Princess island guide for lifestyle, entertainment and attractions

Princes Islands Istanbul Maps
Princes Islands Istanbul Maps
Buyukada also known as Princess island
Istanbul Islands
Buyukada and Heybeliada of Princess islands Istanbul
Heybeliada of Princess Islands istanbul
Kinaliada Streets still authentic
Princess Islands Istanbul Typical street view
View property in Princess Island

Princess island Summary
The Princes Islands are a collection of nine islands off the coast of Istanbul in the Sea of Marmara opposite the Asian banks of Istanbul. They consist of four larger islands, Buyukada (also referred to as The Princess Island) with an area of 5.46 km2, Heybeliada (meaning Saddlebag Island) with an area of 2.4 km2, Burgazada with an area of 1.5 km2, Kinaliada (meaning Henna Island) with an area of 1.3 km2, and five much smaller ones, Sedef Adasi, Yassiada, Sivriada, Kasik Island and Tavsan Adasi.

During the summer months the Princess Islands are popular destinations for day trips from Istanbul. As there is no traffic on the Islands, the only transport being horse and cart, they are incredibly peaceful compared with the city of Istanbul. They are just a short ferry ride from Istanbul, with ferries departing from Bostanci, Kartal and Maltepe on the Asian side, and from Kabatas on the European side.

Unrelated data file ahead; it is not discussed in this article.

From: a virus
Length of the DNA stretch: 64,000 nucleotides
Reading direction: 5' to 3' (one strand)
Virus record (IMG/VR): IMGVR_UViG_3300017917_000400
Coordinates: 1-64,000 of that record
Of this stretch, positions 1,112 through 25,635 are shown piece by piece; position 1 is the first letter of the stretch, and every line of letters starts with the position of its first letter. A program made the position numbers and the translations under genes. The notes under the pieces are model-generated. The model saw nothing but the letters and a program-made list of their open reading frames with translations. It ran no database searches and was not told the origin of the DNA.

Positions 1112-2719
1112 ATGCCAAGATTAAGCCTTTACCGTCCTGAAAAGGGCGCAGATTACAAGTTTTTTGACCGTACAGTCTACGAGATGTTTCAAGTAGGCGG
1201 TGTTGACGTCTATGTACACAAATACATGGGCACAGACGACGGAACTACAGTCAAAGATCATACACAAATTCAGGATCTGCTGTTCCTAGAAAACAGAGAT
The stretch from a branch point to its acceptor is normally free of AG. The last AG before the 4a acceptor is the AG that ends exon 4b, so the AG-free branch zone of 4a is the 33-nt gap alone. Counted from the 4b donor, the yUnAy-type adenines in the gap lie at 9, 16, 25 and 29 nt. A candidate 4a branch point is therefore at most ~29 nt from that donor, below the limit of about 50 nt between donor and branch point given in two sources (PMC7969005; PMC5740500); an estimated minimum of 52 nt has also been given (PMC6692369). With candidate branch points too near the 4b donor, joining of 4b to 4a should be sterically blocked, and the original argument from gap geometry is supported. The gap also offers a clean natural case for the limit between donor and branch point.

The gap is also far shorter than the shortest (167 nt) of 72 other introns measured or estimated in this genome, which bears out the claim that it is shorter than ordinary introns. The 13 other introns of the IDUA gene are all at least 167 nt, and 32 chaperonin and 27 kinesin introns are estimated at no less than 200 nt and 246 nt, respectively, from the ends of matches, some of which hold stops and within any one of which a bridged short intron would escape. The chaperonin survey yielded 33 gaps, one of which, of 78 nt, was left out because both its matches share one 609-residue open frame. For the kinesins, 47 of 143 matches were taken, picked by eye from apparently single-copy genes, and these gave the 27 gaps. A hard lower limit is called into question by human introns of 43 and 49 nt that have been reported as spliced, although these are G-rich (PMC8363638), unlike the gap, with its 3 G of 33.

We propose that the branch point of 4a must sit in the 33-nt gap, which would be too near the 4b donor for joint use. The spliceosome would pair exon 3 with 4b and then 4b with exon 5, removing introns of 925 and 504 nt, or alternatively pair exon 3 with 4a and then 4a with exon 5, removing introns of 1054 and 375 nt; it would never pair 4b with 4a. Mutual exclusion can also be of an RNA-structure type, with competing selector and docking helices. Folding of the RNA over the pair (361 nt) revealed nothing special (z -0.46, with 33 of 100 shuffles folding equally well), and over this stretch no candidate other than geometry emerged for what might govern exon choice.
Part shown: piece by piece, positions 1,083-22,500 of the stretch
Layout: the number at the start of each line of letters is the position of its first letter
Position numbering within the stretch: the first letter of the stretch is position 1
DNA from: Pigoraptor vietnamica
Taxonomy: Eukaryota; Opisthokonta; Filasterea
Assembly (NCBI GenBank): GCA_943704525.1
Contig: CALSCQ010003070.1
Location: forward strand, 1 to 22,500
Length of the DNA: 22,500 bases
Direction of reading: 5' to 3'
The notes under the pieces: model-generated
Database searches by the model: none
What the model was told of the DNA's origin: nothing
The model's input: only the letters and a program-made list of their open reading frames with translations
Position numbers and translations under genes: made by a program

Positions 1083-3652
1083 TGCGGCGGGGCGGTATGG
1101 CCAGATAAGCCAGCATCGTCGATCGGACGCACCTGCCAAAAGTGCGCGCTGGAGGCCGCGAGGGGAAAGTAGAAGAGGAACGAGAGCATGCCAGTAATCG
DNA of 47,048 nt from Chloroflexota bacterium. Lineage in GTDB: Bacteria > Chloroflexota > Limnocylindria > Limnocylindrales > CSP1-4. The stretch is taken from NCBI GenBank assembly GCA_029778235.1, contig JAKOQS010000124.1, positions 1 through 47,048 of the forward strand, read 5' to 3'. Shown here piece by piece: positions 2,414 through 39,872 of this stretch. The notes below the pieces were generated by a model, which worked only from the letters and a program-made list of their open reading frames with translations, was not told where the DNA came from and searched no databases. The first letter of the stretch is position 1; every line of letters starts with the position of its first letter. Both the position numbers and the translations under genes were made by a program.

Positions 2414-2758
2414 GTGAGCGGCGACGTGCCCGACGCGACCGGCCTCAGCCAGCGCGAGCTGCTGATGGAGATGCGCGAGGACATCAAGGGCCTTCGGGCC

During the Byzantine period, princes and other royalty were exiled on the islands, and later members of the Ottoman sultans family were exiled there too, giving the islands their present name. They were taken by the Ottoman fleet during the siege of Constantinople in 1453. During the nineteenth century, the islands became a popular resort for Istanbul' wealthy, and Victorian era cottages and houses are still preserved on the largest of the Princes Islands.

The islands have become more and more ethnically Turkish in character due to the influx of wealthy Turkish jetsetters, a process which began in the first days of the Turkish Republic when the British Yacht Club on Buyukada was appropriated as Anadolu Kulubu, for Turkish parliamentarians to enjoy Istanbul in the summer. The islands are an interesting anomaly because they allow for a very rare, albeit incomplete, insight into a multicultural society in modern Turkey, possibly alike to the multicultural society that once existed during the Ottoman Empire in places such as nearby Istanbul/Constantinople.

Prior to the 1950s, each of the inhabited islands had significant communities of ethnic minorities of Turkey, which is only the case to a much smaller extent. Since the vast majority of the residents and visitors are Turkish, today their legacy is of cultural rather than of demographic importance.

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Princess Island Average Temperatures

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